clock menu more-arrow no yes

Filed under:

How The Nets "Stole" Brooklyn

New, comments
Tom Kaminski - WCBS Chopper 880
Tom Kaminski - WCBS Chopper 880

The Nets wouldn't be headed to Brooklyn without a decision 16 years ago that paved the way.

Until 1996, the Knicks controlled the territorial rights to Brooklyn, Queens and Long Island. Then, the Nets ownership, known at the Secaucus Seven, saw an opportunity. The Knicks were changing hands and needed the Nets approval, so the team wrung a concession from their rivals: an end to the Knick's territorial monopoly in the city. From that point on, the Nets could move into New York and the Knicks couldn't stop them.

It led to new opportunities for the Nets, including the team's sale, which years later led to a second sale and ultimately the move. Michael Rowe was CEO of the Nets back then. He recently answered our questions about how the Nets "stole" Brooklyn from the Knicks. Who needed the Nets vote on the Board of Governors? The Dolans.

In 1996, the New Jersey Nets had just turned down an offer to sell the team to the late John Mc Mullen, owner of the NJ Devils, and instead the Nets were turning their interests towards maximizing their opportunities for a possible sale/relocation.

At the same time, the lease to play in the Meadowlands was re-negotiated to give the team flexibility to move and concurrently, the arrangement with Sportschannel, [a Dolan-owned entity] who had local broadcast rights for New Jersey Nets games at the time, was re-negotiated to allow the Nets to end the agreement without the broadcaster having a right to "match"..something that would prove invaluable if/when the Nets sought other broadcast opportunities.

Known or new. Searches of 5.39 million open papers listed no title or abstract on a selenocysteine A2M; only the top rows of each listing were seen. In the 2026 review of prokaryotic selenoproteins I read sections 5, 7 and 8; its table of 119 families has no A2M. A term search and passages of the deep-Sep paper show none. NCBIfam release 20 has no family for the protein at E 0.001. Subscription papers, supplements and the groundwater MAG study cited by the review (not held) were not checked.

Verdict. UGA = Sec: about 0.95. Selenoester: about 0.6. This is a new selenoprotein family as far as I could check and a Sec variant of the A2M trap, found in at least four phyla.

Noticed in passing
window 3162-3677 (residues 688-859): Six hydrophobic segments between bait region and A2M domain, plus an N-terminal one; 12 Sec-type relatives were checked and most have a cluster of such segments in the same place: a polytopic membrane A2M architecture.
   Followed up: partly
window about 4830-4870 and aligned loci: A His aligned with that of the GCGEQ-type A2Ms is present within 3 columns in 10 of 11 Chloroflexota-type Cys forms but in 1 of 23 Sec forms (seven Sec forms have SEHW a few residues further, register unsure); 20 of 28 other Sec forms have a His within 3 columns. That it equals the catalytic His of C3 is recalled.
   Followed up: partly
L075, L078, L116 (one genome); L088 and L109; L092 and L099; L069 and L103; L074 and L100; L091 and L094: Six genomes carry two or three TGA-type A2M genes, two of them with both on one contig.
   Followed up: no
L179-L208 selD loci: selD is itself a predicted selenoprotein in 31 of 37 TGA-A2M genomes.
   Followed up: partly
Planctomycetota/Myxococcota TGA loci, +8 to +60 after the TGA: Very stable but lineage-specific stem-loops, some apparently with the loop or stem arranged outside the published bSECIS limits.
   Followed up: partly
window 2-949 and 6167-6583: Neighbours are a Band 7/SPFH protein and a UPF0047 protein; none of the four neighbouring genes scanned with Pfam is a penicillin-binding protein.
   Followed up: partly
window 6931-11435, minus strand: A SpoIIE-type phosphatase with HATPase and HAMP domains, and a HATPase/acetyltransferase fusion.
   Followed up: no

While all this was going on, an [NBA] ownership vote affecting the Knicks required that the Knicks receive the Nets approval and, keeping in line with our Ownership’s strategic plans, we sought to have the territorial restrictions that the Knicks had over the Nets totally eliminated. We were receiving strong interest from the NY Islanders ownership about relocating to Nassau [County on Long Island], but such a move would have surely been blocked by the Knicks under the old provisions.

I met with [MSG CEO] Dave Checketts at the Garden. We hashed through the issue and the League approved the revision. David Stern was very supportive of the change.

In essence, the clause was designed to aid a sale, or move to Nassau Coliseum, not Manhattan or Brooklyn ( although we did have some brief discussions with Garden about moving into their building…ala Staples Center teams –Clippers, Lakers and Kings). So, the NY/NY Rivalry almost happened back in that 1996 timeframe (actually, a few years later, we had a serious offer from Islanders to sell the team and move it to Nassau in 1998).

But the real "Gem" of the above accomplishments was that when our new ownership group [Raymond Chambers, Lewis Katz et al] purchased the Team in 1998 there was NO restrictions on where to move, NO restrictions on our cable rights and NO mandate for the Nets to remain in the Meadowlands. These conditions created a perfect storm to form the Yankee Nets Organization and the YES Network.

And the rest, as they say, is history. In 2004, Chambers and Lewis, after failing to get a Nets arena built in Newark, sold the team to Bruce Ratner who wanted the team in Brooklyn. There's no way the Dolans would have approved it if they could have stopped it. But because of their (short-sighted?) decision in 1996, they've had to sit by and watch.